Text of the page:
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Children Forced into Time-Out Seclusion Rooms

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Seclusion rooms, sometimes called time-out rooms, are used in schools across the nation, generally for special needs children. For 13-year-old Jonathan King, it turned deadly.

Time-out in the boy's north Georgia special education school was spent in something akin to a prison cell -- a concrete room latched from the outside, its tiny window obscured by a piece of paper.

Called a seclusion room, it's where in November 2004, Jonathan hanged himself with a cord a teacher gave him to hold up his pants.

"Jonathan's case is the worst of the worst, but it should be a warning. It's reasonable to think that it could happen in all the other schools that use seclusion on disabled children -- largely because the use of seclusion goes so unchecked," said Jane Hudson, an attorney with the National Disability Rights Network.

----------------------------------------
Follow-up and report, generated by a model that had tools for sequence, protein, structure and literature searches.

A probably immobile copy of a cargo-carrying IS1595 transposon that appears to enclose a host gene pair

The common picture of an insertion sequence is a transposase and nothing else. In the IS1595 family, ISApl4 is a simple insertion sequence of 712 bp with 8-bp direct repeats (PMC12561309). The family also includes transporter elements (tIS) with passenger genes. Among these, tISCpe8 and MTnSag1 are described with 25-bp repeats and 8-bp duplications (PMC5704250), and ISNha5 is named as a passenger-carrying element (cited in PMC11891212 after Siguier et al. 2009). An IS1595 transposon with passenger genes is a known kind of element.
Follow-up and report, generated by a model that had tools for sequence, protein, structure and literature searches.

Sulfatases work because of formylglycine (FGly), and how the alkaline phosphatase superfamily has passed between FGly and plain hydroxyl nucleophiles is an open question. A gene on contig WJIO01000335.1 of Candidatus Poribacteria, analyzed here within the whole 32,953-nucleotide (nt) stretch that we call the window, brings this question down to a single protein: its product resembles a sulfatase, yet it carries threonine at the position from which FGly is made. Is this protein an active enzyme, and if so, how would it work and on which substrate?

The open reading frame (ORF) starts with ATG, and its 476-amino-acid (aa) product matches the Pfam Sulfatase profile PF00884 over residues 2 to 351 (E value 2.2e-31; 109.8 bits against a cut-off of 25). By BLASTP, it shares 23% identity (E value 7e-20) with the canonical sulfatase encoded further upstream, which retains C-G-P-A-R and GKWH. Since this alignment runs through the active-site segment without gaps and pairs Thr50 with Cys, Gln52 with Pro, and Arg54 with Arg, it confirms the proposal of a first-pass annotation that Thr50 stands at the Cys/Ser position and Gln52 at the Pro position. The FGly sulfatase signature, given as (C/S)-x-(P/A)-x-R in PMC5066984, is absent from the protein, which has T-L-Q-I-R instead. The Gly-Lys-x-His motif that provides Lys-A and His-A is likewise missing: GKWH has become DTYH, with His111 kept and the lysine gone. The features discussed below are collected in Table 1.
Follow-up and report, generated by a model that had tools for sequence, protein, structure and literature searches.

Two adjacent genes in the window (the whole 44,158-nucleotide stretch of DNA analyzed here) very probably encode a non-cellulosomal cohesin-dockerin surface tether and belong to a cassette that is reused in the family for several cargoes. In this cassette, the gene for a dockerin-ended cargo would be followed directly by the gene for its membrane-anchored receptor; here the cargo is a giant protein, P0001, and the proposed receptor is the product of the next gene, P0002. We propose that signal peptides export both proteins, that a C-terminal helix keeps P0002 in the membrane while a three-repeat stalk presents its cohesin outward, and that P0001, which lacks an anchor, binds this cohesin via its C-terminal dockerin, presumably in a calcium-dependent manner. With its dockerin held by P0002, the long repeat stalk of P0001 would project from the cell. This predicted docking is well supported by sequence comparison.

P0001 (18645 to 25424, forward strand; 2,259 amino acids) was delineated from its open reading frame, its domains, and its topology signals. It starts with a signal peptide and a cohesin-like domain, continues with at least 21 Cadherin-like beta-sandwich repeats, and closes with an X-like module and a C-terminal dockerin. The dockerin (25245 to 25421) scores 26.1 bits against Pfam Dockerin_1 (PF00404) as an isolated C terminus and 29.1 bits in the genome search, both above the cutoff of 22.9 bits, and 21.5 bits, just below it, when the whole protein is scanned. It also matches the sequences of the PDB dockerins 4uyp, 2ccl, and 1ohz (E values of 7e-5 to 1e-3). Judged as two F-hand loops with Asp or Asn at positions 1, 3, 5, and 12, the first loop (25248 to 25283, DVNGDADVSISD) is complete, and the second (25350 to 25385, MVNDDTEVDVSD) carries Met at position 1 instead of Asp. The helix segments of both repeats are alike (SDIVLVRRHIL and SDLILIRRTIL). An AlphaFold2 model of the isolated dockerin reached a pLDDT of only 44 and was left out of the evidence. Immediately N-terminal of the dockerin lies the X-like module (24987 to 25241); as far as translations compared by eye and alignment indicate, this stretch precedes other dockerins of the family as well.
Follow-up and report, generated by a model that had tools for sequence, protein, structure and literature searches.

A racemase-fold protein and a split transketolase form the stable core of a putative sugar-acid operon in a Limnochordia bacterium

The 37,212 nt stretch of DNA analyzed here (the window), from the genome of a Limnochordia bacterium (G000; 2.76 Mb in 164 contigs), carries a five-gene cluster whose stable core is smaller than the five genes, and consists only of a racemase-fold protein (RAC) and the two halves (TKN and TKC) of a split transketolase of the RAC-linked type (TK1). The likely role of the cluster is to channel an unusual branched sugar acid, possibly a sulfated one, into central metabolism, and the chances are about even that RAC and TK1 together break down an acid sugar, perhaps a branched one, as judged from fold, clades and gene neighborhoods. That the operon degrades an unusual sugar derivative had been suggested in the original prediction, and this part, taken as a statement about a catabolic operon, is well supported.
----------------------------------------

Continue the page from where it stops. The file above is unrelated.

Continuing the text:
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1 comments so far | Post a comment now
Anonymous December 17, 2008, 10:12 PM

I know the adopted daughter of a man who used to work in a facility for juvenile delinquents, and, according to her, he used to boast of the high suicide rate among the kids he was in charge of. Obviously the job can attract people who are very emotionally unhealthy themselves, read - sadists? What was the person thinking who gave this kid a cord to hang himself with?


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